There’s no questioning the value of a strong brand. Strong brands consistently outperform weaker brands in the market, and they are better insulated against market fluctuations.

So, what’s the difference between a strong brand and a weak brand? What makes Apple’s brand so much more valuable than, say, Motorola’s?

In a word: brand equity.

Ok, that’s two words, but the point is brand equity is what separates the the highest performing brands from the also-rans of the world. 

Let’s take a closer look at what we mean by brand equity, why it is so important, and a few steps you can take to start building strong brand equity of your own.

What is Brand Equity?

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Brand equity is a measurement of the value of a brand as determined by things like loyalty, awareness, associations, and perceived quality. 

Positive customer perceptions, experiences, and associations create positive brand equity, while negative customer perceptions, experiences, and associations lead to negative brand equity.

Brand equity is not the same as brand value, the financial worth of a brand. The two are closely related, but positive brand value doesn’t automatically result in positive brand equity, for example. 

The concept of brand equity was first put forth by the renowned brand strategy expert David Aaker in the 1980s. The idea changed the game for branding and marketing specialists, moving their disciplines from the realm of tactics to that of executive-level strategy. 

Aaker’s seminal definition of brand equity is as follows:

“Brand equity is a set of brand assets and liabilities linked to a brand name and symbol, which add to or subtract from the value provided by a product or service.”

The assets and liabilities that Aaker is referring to are those described in our definition above: loyalty, awareness, associations, perceived quality, and proprietary assets. 

Why is Brand Equity Important?

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As a measurement of a brand’s strength, the importance of brand equity might seem obvious. Strong brands are defined as those with positive brand equity, so of course brand equity is important.

But for business owners, the true importance of brand equity lies in its reflexive value. Brand equity affects the economic value of a brand because strong brands are worth more to investors. But as a metric, brand equity is unique because it also influences customer behavior.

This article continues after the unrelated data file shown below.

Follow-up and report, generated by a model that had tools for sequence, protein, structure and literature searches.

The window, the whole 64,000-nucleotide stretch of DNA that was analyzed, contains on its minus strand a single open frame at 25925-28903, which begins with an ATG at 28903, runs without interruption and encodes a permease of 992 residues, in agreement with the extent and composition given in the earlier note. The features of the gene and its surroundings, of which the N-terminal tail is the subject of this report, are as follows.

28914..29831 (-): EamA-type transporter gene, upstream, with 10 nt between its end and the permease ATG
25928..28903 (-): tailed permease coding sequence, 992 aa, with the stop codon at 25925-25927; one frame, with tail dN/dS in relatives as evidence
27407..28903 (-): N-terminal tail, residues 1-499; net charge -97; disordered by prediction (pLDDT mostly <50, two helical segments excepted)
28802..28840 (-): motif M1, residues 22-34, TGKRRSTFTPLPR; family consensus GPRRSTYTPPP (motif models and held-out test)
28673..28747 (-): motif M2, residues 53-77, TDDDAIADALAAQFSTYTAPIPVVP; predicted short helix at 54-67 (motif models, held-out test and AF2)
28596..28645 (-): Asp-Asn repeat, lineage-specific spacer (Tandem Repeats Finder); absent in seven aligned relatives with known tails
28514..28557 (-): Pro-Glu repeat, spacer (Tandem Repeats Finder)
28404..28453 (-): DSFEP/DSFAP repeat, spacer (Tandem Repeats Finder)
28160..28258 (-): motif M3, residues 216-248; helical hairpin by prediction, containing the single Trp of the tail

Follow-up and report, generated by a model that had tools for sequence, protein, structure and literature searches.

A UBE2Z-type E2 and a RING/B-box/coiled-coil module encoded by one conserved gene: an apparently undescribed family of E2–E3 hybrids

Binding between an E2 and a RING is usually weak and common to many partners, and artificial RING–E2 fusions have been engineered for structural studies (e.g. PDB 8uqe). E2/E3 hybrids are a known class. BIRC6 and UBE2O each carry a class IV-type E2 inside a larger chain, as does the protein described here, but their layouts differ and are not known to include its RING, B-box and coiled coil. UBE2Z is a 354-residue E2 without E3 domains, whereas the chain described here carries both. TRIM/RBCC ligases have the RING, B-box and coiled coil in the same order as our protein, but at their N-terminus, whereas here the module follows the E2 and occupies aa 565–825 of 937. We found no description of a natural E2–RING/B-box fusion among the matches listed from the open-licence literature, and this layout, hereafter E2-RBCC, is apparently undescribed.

As marketing expert Dr. Kenneth Clow puts it, “Brand equity enables your company to charge a higher price and retain a greater market share than would be possible otherwise.”

The reflexive value of brand equity boils down to the perceived quality that is one of its defining attributes. Customers are simply willing to pay more for brands they perceive as higher quality. 

One study showed that strong brands can capture, on average, three times the sales volume of weak brands. The same study showed strong brands commanded a 13 percent price premium over weak brands. 

The difference between strong and weak brands? You guessed it, brand equity.

How to Measure Brand Equity

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So, how much brand equity does your company have? The best way to measure brand equity is to objectively assess your brand in the following 5 areas, each of which is a critical component to the classic definition of brand equity:

1. Brand Loyalty 

According to one survey, no fewer than 90 percent of customers report being brand loyal. But that doesn’t mean businesses can take brand loyalty for granted. 

As the ultimate metric of customer retention, brand loyalty is achieved by effectively communicating your brand promise—and making good on it, every time.

Brand loyalty is measured by a few important factors:

  • Lowered Marketing Costs – Keeping loyal customers is more cost-effective than winning new ones.
  • Increased Trade Strength – Loyal customers represent a steady source of revenue.
  • New Customers Acquired – Loyal customers boost brand awareness and deliver new customers.
  • Ability to Respond to Competition – Loyal customers take longer to switch brands, giving you more time to respond to competitive threats.

2. Brand Awareness